There are few things that stand out in the average Western mind when contemplating an Indian wedding than the traditional Baraat ceremony. This extravagant event brings the groom to the final ceremony in style - usually a large horse or elephant. Here are some things you should know before witnessing your first Baraat ceremony.
The Baraat is a common South Asian ceremony, utilized by a multitude of faiths in order to make certain that the community knew that a wedding was happening at that very moment. A wide variety of vehicles and animals are used, from old cars to elephants. The important thing is that the groom and his family must make a splashy arrival to wherever the bride and her family are waiting.
Upon arrival, the bride’s family applies a special dye to his forehead and perform a ceremony, known as Aarti, in order to ward off the “evil eye.” The final step is where he completed the Milni ceremony with the bride’s male relatives.
This ceremony is the final step in ensuring that the bride’s family accepts the wedding and proposed marriage. Both sides of her family have roles to play, during which they individually give their blessing on the union.
It is also where the equivalent of a dowry is presented, often a small token in the form of money. This part has been phased out of many modern wedding ceremonies, replaced by a general event where members of both sides of the family give gifts to each other.
The ceremony has grown with modern society, taking into account changing tastes and the fact that it is nearly impossible to take over a decent chunk of the city for an impromptu parade.
Now this ceremony is carefully planned, with details checked by local authorities well in advance. Instead of having a band, music is provided by a DJ and dhol players while vehicles often replace animals.
Vehicles Instead of Animals
This change is especially common in jurisdictions that have very strict animal use laws. Many people find it easier to simply rent an antique car and decorate it in lieu of obtaining all the permits and hiring a cleaning crew for the inevitable accidents. Having an Elephant or Horse, though, still does occur and really adds to the ceremony!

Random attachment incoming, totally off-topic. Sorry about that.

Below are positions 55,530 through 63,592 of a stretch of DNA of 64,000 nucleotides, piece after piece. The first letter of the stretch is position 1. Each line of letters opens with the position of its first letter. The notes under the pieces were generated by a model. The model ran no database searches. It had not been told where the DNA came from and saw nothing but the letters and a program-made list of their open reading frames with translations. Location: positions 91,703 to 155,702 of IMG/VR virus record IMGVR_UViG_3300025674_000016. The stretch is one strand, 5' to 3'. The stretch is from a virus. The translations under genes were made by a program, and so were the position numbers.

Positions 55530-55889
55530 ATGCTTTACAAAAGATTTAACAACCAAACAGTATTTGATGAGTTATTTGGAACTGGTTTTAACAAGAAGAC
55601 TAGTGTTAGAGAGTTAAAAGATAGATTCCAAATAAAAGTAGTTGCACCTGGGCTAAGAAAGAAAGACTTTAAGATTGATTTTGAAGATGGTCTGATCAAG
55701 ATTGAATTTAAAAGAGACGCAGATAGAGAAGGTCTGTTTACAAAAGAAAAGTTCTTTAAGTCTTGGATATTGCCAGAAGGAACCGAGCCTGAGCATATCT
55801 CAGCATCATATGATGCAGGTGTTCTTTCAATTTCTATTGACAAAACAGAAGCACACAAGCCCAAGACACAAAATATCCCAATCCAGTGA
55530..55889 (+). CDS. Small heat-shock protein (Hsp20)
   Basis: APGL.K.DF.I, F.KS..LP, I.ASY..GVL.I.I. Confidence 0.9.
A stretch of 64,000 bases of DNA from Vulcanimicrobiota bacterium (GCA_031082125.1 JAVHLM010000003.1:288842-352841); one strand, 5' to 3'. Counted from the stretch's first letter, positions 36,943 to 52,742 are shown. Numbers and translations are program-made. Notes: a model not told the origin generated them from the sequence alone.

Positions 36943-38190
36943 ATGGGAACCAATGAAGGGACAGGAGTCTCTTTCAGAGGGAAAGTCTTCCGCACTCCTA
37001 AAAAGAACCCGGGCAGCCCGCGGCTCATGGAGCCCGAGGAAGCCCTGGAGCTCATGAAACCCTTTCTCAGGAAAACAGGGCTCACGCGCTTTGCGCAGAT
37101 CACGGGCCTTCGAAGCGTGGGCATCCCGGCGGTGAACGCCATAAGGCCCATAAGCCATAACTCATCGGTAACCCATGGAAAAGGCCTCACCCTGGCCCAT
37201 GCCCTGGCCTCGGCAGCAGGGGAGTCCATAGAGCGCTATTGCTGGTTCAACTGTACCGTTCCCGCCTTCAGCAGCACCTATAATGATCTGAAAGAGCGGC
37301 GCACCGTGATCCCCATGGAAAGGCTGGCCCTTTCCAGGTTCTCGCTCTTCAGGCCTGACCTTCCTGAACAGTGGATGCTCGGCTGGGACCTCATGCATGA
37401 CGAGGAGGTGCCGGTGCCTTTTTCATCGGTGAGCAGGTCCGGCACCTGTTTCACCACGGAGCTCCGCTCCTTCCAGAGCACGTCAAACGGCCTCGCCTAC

Merging Local Bits of Culture
Many Baraat ceremonies, especially those that occur in the United States and other western states, typically include local points of interest during the procession. For instance, driving alongside the beach or near a famous park/waterfall. Since vehicles do not tire, and can go faster, it opens up the ceremony to include things never before considered possible.
A Baraat ceremony started off as a serious event that ensured the legitimacy of the marriage in the eyes of the community. It has evolved to become one of the most fun-filled events for the groom, giving him and his family the opportunity to show their excitement and joy over the rapidly approaching wedding ceremony.
For participants, it is important to have a good idea as to how long it will take, the stops along the way, and how loud it will be. Make certain you wear comfortable clothing suitable for the event and bring hearing protection in case the music is too loud!
For the average Westerner, the Baraat ceremony is what pops into mind when they think of Indian culture. This hallmark ceremony, integral for many couples on their wedding day, has adapted with the times to become something that can be highly customized for each special day. Check with the newlyweds to learn more about how they will add their own spin to this special ceremony.